18 Jul 2023

The Corporate Landscape Moving Forward

by Kurtis Hammer

Like much of the wider industry, corporate events were almost completely shut down over the COVID period. Restrictions and uncertainty made the idea of putting on an event back then seem far too risky, much less profitable, or fun. And as we all know, much of 2020 was a total write-off.

The Corporate World Post-Lockdown

When corporate gigs finally started up again, they came back slower than many had anticipated. We didn’t really have that sudden influx of bookings or people wanting to do gigs as soon as capacity restrictions lifted and venues reopened, that many of us had hoped for. Resumption of play returned at a slow trickle, despite the optimism surrounding the relaxation of restrictions.


And even when the gigs finally returned, they were only ever really ‘pencilled in’. We constantly saw gigs scrapped last-minute, pushed back, or moved because so-and-so got sick or was in the orbit of someone who later fell ill. A lot of gigs were postponed, and postponed again, and interstate gigs were rare, as people needed to self-isolate before being allowed to mingle with others. Many of us had full calendars of these ‘pencilled in’ dates.

For a while there we endured the ever-present anxiety of feeling like a gig could be cancelled any time, without notice. All it would take was one person getting sick (or testing positive), or being near someone who was sick, and a whole event would be cancelled. There seemed to be a lot of angst surrounding events; a general feeling of despondency and a lack of motivation mostly because nothing ever seemed to be a ‘sure thing’.

When, despite all the hurdles, some gigs did go ahead, and apologies for reminding everyone of this, social distancing and other measures were enforced. We had the dreaded times when you weren’t allowed to have singing or dancing or people mingling, which basically defeated the purpose of having events in the first place, it seemed.


We also had supply chain issues, which created innumerable logistical headaches around everything from moving people and equipment, to buying electrical tape. By themselves, these challenges were enough to completely change, or sometimes even cancel, events.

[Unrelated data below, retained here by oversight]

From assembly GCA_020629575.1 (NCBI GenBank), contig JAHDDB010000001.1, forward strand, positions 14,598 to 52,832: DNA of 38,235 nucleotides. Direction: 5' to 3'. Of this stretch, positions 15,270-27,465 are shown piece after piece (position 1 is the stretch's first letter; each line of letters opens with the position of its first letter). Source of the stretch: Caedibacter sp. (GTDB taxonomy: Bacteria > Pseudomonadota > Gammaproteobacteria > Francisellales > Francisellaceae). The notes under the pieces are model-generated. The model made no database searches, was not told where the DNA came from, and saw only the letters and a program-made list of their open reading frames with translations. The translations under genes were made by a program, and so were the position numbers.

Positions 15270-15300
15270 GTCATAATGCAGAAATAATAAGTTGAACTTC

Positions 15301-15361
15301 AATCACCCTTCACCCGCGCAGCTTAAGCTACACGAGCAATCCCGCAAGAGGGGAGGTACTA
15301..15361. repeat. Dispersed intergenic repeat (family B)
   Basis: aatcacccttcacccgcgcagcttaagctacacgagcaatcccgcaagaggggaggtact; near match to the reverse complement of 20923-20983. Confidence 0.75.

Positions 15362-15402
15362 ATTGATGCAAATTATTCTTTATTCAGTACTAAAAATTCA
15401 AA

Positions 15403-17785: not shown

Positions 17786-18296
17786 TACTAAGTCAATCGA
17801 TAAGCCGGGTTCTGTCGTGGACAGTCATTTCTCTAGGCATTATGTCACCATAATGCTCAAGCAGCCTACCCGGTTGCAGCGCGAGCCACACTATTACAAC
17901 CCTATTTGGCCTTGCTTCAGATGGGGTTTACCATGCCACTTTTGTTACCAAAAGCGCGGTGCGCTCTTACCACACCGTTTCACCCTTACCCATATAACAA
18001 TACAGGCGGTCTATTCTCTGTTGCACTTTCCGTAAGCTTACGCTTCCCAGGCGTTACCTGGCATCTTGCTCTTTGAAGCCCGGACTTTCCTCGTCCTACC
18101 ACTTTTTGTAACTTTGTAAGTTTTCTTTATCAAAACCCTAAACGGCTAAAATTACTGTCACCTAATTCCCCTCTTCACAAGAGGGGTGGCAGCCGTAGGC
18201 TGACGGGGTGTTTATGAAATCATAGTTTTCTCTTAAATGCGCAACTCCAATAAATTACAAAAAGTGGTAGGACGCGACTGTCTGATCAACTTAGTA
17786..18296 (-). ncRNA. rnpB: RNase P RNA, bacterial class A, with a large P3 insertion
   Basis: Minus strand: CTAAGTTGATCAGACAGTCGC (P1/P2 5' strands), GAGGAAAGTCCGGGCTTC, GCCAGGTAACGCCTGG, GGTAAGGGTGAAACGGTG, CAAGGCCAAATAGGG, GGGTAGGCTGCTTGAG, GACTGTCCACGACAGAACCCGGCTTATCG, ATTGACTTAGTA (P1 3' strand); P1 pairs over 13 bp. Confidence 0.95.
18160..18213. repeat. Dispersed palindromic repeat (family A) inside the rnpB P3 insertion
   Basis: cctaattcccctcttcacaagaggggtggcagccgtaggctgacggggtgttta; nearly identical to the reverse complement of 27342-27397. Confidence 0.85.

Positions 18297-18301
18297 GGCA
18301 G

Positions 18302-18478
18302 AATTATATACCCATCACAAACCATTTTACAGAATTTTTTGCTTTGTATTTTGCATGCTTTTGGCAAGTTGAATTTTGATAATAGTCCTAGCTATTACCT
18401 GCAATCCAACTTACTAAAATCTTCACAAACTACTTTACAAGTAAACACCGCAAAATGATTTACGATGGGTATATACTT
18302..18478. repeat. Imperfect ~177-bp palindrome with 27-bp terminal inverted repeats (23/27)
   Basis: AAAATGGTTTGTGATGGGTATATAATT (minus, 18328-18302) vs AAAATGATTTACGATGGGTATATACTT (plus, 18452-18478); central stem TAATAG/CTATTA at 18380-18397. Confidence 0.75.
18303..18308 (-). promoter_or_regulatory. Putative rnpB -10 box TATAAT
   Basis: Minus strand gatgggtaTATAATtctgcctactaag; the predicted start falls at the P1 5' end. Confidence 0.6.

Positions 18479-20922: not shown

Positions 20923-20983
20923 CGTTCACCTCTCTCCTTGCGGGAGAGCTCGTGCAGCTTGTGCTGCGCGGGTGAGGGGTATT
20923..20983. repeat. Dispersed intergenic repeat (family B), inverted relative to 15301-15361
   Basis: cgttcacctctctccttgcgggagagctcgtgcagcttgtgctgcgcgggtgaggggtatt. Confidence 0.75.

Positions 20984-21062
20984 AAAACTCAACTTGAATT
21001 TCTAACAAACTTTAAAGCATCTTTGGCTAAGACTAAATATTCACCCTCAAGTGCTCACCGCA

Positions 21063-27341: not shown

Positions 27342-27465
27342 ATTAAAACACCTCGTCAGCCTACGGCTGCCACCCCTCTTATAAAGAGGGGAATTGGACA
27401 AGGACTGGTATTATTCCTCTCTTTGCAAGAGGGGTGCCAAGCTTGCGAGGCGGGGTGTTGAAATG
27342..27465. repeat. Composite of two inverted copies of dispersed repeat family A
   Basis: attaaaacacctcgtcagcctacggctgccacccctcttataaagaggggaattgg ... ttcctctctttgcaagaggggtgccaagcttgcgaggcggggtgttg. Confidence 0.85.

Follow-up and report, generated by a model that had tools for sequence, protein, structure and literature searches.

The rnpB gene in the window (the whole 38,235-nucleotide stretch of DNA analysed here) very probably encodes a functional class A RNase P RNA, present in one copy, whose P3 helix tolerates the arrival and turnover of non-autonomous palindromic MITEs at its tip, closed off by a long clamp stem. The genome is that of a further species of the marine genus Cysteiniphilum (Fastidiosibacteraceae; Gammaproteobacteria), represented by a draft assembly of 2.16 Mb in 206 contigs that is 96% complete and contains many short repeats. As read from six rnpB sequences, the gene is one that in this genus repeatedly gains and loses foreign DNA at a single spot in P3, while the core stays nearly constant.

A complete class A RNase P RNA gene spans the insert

Like the wider industry, COVID rules and restrictions had a severe impact on corporate events.

Challenges Facing Corporate Gigs Today

But while we’re now unofficially out of the ‘post- lockdown’ period and things have (more or less) returned to normal, we’re still feeling the after-effects of the whole sorry saga. Arguably the biggest challenge facing corporate gigs today is finding crew, especially experienced technicians who are often booked months in advance. A significant number of these people left the industry over the COVID period or since the re-emergence of activities. Many retired or semi-retired, while others found employment elsewhere, which has resulted in a significant skills shortage that very few anticipated, where there’s now more work than there are workers! This situation likely won’t change anytime soon until we can train up new staff.

Moreover, the skill and labour shortages go well beyond finding good technical crew for corporate gigs. Our clients, suppliers, couriers, caterers and almost everyone else with whom we come in contact, are in the same boat.

Gigs where there’s too much to do, too many unknowns, or unsavoury hours are getting put into the ‘too hard’ basket rather than being seen as a challenge to tackle. This ‘prioritising’ is so commonplace now that it’s changing the way people approach gig planning and booking. This may eventually be for the better, of course, as it could drive innovation and new thinking around how we deliver events.